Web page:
While technology advancements have brought several negative outcomes today, most of these have helped the human race a great deal. No one could have predicted how much the world would evolve in such a short period of time. Preternatural strength, agility and reflexes are no longer science fiction because they exist in real life. Whilst cutting-edge technology provides a look into the potential of upgraded humanity, it is currently most effective as an assistance for those who are disabled. Omitted appendages, organs and body sensibility can all be replaced using cyborg technology. This is particularly useful for our veterans wounded in combat. This tech can even improve the body’s normal performance in some cases.
Using an antenna to hear colors
A considerable percentage of humans are born without the ability to see color, often described as color blind. In 2004, Neil Harbisson, an artist and activist with the same condition, decided to make his condition different. He attached an electrical antenna to the back of his head that converts light wavelengths into tremors that his brain can decipher as sound, allowing him to hear color. These wavelengths are so strong that they can detect invisible frequencies, including infrared and UV.
Neil mentioned that he could feel no difference with his body function while wearing the antenna, only that he could now interpret colors like other people. This made him feel one and the same with technology. While the antenna was a breakthrough in technology, the British Government did not take his body modification lightly. Once his antenna was detected in a passport photo, they tried to have him take it down, but he won the fight, making him the first person legally recognized as a cyborg.
Some people are born blind, while others lose their vision due to accidents or certain health conditions. Jens Naumann was one of the unfortunate people involved in sight-damaging accidents. When he was enjoying his 20s, he got into two different accidents that left his eyes damaged, causing permanent blindness. When he was 37, he volunteered for a clinical trial performance that connected a television camera to his brain, circumventing his damaged eyes. The camera and his brain managed to form shapes and outlines that could be interpreted as things happening around him. He said that the technology helped him see Christmas lights hanging in his Canadian home.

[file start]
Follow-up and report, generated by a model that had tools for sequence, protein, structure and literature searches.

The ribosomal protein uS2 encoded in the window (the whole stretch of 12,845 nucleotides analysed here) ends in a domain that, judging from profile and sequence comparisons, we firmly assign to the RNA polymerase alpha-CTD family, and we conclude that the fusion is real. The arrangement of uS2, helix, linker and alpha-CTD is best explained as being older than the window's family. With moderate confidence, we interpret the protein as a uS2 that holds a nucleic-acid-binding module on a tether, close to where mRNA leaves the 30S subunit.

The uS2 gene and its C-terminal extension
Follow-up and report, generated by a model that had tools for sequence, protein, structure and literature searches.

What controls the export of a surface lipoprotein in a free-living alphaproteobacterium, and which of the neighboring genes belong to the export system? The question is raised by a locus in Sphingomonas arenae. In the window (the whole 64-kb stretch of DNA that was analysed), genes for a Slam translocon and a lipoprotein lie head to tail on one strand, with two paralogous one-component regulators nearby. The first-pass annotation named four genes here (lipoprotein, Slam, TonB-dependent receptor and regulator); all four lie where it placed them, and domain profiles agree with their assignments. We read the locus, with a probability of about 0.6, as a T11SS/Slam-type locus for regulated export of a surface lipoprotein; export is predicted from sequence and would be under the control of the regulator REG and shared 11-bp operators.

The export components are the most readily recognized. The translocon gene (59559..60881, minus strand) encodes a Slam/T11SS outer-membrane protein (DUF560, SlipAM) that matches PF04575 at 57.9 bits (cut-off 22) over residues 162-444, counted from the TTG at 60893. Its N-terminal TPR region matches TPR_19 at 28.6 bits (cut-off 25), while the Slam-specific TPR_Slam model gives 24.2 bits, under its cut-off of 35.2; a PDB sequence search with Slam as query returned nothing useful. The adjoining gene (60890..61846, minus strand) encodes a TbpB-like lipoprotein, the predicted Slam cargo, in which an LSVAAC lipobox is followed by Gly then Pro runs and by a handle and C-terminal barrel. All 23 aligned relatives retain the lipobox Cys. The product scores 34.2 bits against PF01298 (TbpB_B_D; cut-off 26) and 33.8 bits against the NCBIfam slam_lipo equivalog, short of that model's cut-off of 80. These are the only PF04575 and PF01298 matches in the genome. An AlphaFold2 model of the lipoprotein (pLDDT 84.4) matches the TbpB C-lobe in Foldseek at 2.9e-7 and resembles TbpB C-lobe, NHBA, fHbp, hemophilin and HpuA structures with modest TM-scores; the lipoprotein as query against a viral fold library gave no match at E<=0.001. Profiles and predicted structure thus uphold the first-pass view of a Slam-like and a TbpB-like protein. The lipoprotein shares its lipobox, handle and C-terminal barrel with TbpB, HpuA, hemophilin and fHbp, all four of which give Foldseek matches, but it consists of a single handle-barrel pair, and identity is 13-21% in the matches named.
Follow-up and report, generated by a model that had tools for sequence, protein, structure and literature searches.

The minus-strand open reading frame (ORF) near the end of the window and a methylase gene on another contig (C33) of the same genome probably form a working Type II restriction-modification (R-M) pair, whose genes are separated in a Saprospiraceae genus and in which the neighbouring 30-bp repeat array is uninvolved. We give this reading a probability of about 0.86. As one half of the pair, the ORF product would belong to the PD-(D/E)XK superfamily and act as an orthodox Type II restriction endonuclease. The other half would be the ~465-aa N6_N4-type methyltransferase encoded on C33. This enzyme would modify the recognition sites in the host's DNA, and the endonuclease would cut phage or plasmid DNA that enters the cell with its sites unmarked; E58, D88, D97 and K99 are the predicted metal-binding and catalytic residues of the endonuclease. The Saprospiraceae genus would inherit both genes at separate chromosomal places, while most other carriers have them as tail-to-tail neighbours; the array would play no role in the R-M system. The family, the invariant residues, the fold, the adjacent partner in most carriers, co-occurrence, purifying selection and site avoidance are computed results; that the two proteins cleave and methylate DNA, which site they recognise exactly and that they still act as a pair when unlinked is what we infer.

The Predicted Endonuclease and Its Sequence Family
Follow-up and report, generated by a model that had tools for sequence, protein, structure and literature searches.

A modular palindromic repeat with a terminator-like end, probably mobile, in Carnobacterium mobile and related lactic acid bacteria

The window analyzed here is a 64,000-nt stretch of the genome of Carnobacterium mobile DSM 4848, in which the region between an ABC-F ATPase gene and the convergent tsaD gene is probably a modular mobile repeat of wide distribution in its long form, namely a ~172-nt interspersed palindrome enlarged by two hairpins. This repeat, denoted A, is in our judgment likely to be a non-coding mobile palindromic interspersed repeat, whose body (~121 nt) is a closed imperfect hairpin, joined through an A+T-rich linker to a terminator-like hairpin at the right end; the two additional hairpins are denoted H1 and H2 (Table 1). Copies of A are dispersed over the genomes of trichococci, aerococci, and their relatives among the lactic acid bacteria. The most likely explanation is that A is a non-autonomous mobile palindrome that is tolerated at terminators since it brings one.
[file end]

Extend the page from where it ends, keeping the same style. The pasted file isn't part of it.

Sadly, the technology installed in his brain became faulty after a few weeks and ceased functioning. There was no one to fix it because the inventor of the system, William Dobelle, had already died and didn’t leave any instructions or paperwork for his research. Technicians tried to repair the system but to no avail. In 2010, Jens had no option but to get the system off his brain through surgery, leaving him totally blind once more.
Bionic leg controlled by mind
As fictitious as it may sound, this technology exists. The first mind-controlled bionic leg was tested on humans in 2012 by a software engineer known as Zac Vawter. His leg had been amputated several years before that, and so he made it his goal to invent one of these. The technology behind the signal interpretation into physical movement had been created in 2003, but for the upper limb. His artificial limb was the first to be used as a leg prosthetic.
This revolutionary move changed almost everything because such had never been seen. He even climbed two thousand one hundred steps in Willis Tower using his artificial limb while controlling it with his mind. What is even more thrilling is that he climbed all these steps in 53 minutes only.